On death and preservation


Beauty of Xiaohe — The Secrets of The Silk Road, Penn. Museum. Mummified face














Bathroom at 4am

Falling into the mirror
so many pieces

showering her nakedness
with light.

Fragments creating
a sharper truth

her ruined face
a Picasso construction

flung between walls
in a windowless room.

The hour before dawn
words unspoken

on the brink
of becoming.

She considers
the quality of darkness

past and present
briefly one.

Then picks up
the pieces

begins brushing
glass from her hair.


Looking for Sarah — Box Hill Cemetery
For my grandmother

Years later I'm following paths
that your daughter trod before me.

She fled to this place nightly,
like a homeless ghost you said.

Just fifteen, talking to stone angels
to shut out the voices in her head.

By the time the men in white coats
took her away, locked her up,

she had absorbed the moon, seen
her belly grow. Moon child she told

the nurses. See it glows from within.
But there was never a baby. At last

I find you, Sarah, a cross on a map.
No marker, not even a shrub, no

roots taking in the goodness of you.
Shadowed by elaborate memorials

I push away disappointment. Perhaps
a farmer's daughter wanted only this.

You were found by a neighbour, gone
to your God as you had wished,

just stepped out of the bath as if
from the womb,

long hair free of its pins
warming your skin.


The copper stick  1941

I knew its touch on my skin so well,
hard, unforgiving. On Mondays I dipped
it into the soupy swirl, hooked a barley

sugar twist of sheets bubbling out of
the copper and hoisted this steaming
mass into concrete troughs for rinsing,

then through the wringer, its rubber rollers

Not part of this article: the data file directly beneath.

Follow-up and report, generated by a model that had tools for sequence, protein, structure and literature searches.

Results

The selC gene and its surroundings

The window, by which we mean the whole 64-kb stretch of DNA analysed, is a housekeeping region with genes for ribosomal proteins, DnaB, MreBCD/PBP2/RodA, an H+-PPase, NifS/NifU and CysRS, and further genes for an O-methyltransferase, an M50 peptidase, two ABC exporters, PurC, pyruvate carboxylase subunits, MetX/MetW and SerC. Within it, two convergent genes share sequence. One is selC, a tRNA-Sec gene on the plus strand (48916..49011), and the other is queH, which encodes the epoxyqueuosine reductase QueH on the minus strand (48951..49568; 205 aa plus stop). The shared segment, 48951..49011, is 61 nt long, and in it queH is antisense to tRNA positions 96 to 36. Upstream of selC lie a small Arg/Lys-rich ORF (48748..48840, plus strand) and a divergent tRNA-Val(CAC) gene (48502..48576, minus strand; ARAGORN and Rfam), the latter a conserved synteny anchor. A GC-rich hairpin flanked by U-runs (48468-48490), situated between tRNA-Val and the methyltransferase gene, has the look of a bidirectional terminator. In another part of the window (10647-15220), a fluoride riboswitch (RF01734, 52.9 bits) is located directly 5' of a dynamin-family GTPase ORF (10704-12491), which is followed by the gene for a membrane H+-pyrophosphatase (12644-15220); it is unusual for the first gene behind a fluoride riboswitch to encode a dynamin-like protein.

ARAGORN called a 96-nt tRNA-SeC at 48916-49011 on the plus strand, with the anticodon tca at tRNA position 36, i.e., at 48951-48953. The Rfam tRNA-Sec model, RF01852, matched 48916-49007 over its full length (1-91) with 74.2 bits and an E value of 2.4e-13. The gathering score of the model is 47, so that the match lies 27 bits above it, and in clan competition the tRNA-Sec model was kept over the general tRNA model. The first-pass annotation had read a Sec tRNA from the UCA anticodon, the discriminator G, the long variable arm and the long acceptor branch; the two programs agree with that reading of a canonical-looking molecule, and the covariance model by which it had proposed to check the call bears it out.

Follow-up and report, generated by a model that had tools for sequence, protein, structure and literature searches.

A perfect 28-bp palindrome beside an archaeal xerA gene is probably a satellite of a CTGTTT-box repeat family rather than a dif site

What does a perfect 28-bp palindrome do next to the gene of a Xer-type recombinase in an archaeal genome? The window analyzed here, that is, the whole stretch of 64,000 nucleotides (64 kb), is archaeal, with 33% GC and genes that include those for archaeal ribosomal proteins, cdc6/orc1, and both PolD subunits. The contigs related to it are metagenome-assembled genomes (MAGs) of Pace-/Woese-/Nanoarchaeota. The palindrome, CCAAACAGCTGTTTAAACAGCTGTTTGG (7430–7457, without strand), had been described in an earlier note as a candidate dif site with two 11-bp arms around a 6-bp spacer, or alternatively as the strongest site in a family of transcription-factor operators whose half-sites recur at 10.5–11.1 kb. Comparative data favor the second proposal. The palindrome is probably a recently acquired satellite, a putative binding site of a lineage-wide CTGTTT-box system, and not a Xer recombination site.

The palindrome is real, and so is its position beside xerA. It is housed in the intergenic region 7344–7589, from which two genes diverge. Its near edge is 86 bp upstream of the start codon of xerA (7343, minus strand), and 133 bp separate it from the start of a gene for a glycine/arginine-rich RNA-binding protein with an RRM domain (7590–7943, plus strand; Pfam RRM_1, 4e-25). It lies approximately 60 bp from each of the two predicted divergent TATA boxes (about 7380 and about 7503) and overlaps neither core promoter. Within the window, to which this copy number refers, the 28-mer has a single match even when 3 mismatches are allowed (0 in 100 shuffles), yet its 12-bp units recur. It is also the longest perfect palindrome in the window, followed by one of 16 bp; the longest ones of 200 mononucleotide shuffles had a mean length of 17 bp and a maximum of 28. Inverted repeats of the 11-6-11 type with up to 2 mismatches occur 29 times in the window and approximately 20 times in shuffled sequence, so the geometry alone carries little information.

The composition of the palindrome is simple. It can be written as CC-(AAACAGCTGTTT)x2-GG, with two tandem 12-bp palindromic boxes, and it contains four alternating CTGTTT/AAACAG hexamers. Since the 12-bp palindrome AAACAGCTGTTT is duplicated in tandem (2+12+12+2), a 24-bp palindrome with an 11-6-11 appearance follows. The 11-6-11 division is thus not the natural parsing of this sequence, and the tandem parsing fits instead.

perished and possessive. I would unscrew,
lift, release and re-assemble, as mother

had instructed. It was wartime, even
children had to do their bit for victory.
All the while I sang the songs my dad

and I had sung before he sailed to war.
Mother got a job as a cook and when
we left for Tasmania the copper stick

travelled too, although someone else
did the hotel washing. Sometimes
on the maid's day off mother took me

to the basement laundry. If she thought
it about time. The stick was used once too
often. She could not find a replacement.


The Beauty of Xiaohe* — a photograph

Laid out with care this woman lifted
from a dry river-bed. Here is death
but also preservation: turned-up

nose, high cheekbones, long lashes
fringing her sunken eyes. Her hair
even after 4000 years a springy

mass of foxy brown, spilling over
one shoulder. I imagine her maid
brushing its length, the crackle of

electricity as the woman smiled,
her mouth wide, generous, made
for smiling. Guarding her scalp

a lambskin bonnet tied with a bow.
She is swaddled in a woven cloak,
fur-lined boots protect her feet.

Beside her a child staring, close
to tears, hands bunched into fists.
Someone lifts a camera, frames

the moment: a six-year-old girl
and this ageless beauty. Rising
between them the dust of centuries.

*This mummy is known as the Beauty of Xiaohe
The Secrets of The Silk Road, Penn. Museum, PA

Lorraine McGuigan headshotLorraine McGuigan's poems have appeared in Quadrant, Blue Dog, Antipodes, Social Alternatives, and Puncher & Wattman's anthology Motherlode. She has been managing editor of Monash University's Poetry Monash since 1995. Her collection, What the Body Remembers, shared 2nd place, FAW Anne Elder Award. Interactive Press published her prizewinning ms Wings of the Same Bird.

Topic tags: Lorraine McGuigan, poetry, Beauty of Xiaohe, The Silk Road



submit a comment

Existing comments

Lorraine, Thak you for these beauitfully expressed intimate moments of life. And 4.00am- darkness protects and frightens.
jorie | 20 November 2013

Lorraine, I love these poems!
Tessa McMahon | 22 November 2013


Subscribe for more stories like this.

Free sign-up